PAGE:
MSU School of Packaging to host Healthcare Packaging Immersion event
When MSU Professor Laura Bix thinks about a disease outbreak, she thinks about minimizing mistakes, what a Hazmat suit feels like, and how a healthcare professional might administer medication and medical devices in such a suit.
September 27, 2016
When Michigan State University (MSU) Professor Laura Bix thinks about a disease outbreak, she thinks about minimizing mistakes, what a Hazmat suit feels like, and how a healthcare professional might administer medication and medical devices in such a suit.
That’s what she and a team of MSU professionals will bring to the fourth Healthcare Packaging Immersion Event (HcPIE). The HcPIE is a joint venture of MSU’s state-of-the-art Healthcare Simulation Facility, the Learning and Assessment Center and the School of Packaging. Geared to health care and packaging professionals, the event is slated for Oct. 12-13 on MSU’s campus.
This year’s event will feature simulations and immersion experiences that involve the audience in the following ways:
- One involving an infectious disease outbreak on campus, where it is likely that people from the audience become unwitting participants after becoming infected during the course of the conference day.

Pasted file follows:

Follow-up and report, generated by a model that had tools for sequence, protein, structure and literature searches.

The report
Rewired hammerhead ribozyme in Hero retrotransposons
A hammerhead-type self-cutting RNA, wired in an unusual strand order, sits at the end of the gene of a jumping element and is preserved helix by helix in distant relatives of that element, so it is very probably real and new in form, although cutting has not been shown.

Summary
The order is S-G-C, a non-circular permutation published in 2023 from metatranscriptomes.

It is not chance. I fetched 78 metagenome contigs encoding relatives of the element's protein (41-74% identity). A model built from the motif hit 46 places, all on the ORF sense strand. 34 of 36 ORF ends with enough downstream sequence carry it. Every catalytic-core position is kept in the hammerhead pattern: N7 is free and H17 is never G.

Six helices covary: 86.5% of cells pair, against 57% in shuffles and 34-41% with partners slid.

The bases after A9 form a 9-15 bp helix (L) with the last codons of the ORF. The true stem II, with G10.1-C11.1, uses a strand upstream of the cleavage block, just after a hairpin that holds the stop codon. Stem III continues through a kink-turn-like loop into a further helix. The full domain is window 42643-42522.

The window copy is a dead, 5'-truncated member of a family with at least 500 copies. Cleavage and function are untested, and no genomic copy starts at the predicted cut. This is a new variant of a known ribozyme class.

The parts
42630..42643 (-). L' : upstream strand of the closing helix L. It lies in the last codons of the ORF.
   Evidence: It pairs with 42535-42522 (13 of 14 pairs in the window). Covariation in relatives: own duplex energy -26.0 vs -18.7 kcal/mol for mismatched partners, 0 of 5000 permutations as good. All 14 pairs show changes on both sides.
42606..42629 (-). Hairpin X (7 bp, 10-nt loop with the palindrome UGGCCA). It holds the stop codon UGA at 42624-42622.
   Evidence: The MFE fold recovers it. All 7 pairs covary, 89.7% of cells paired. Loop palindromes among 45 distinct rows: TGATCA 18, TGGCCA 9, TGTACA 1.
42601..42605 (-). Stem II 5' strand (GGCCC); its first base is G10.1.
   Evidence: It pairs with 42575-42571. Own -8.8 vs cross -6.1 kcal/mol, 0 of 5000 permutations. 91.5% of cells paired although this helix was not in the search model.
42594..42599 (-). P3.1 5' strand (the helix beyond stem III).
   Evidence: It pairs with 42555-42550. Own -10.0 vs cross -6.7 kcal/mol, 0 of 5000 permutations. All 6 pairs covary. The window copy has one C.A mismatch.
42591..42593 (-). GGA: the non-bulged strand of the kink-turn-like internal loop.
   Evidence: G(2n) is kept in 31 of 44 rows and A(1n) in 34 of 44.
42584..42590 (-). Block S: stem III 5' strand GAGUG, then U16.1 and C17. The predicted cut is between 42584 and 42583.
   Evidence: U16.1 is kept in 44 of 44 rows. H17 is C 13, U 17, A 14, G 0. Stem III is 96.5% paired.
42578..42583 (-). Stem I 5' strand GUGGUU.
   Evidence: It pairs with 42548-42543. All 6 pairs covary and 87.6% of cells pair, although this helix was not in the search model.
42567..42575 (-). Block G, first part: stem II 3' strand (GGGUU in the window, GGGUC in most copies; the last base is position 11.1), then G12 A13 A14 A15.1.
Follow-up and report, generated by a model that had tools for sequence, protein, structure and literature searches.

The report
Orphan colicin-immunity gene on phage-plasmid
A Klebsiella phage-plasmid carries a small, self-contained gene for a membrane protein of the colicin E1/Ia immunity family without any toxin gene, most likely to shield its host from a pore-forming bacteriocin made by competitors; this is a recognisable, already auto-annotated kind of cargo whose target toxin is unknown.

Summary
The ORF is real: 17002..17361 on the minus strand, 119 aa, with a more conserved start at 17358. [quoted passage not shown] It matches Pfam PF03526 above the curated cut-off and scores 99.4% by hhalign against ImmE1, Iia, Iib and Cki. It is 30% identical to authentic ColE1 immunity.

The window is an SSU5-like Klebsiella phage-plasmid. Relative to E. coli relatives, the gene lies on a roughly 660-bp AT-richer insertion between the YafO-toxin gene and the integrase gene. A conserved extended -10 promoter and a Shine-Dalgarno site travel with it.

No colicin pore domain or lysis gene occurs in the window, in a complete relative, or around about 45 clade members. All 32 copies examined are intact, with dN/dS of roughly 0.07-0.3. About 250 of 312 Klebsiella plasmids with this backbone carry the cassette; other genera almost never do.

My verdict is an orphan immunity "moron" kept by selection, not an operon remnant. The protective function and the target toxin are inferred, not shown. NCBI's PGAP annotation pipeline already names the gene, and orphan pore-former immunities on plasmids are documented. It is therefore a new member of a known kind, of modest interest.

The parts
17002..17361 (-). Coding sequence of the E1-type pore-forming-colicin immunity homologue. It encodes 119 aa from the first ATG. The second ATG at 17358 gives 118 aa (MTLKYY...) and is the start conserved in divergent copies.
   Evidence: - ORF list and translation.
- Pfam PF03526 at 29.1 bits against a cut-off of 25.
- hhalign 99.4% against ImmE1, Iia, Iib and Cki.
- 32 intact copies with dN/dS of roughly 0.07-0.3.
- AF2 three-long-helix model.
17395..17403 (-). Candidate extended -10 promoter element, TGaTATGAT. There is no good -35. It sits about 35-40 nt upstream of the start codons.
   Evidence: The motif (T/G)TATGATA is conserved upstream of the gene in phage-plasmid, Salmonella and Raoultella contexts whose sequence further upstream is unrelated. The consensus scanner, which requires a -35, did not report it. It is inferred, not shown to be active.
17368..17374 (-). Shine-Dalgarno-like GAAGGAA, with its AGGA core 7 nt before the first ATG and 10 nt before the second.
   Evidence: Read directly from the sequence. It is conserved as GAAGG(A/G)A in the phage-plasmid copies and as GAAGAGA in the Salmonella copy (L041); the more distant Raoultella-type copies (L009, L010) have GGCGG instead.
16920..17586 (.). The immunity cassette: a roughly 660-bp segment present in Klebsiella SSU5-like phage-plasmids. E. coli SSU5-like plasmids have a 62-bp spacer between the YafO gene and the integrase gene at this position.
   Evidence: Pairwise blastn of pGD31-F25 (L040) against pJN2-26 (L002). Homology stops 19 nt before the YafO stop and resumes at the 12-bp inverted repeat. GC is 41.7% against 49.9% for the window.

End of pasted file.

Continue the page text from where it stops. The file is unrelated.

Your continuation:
- A second where all participants will be perceptually and physically challenged in an attempt to garner insights into the difficulties faced by frail and aging people and the added burden that poorly designed health care packaging can make.
“The overarching theme is that context dramatically impacts your ability to interact with package designs,” said Bix, who teaches and conducts research in the School of Packaging. “In thick hazmat gloves, in a suit that is very hot with a fogged mask, breathing through a respirator that harkens thoughts of hyperventilation, your ability to identify, open and administer products needed for care is significantly diminished.”
This year’s event features two U.S. Food and Drug Administration (FDA) speakers, which sets it apart from other years.
“The involvement of the government officials provides insight regarding problems that need to be researched and a perspective of the world that is valuable not only for students, but for all of us,” Bix said.
The HcPIE strives to have these active learning, or immersive, experiences provide powerful lessons for the students in attendance and those imbedded within the industry, Bix said.
“Our goal, through this event, is to generate a dialog that creates questions and ideas that motivates people to catalyze changes that improve health. We want to make a difference.”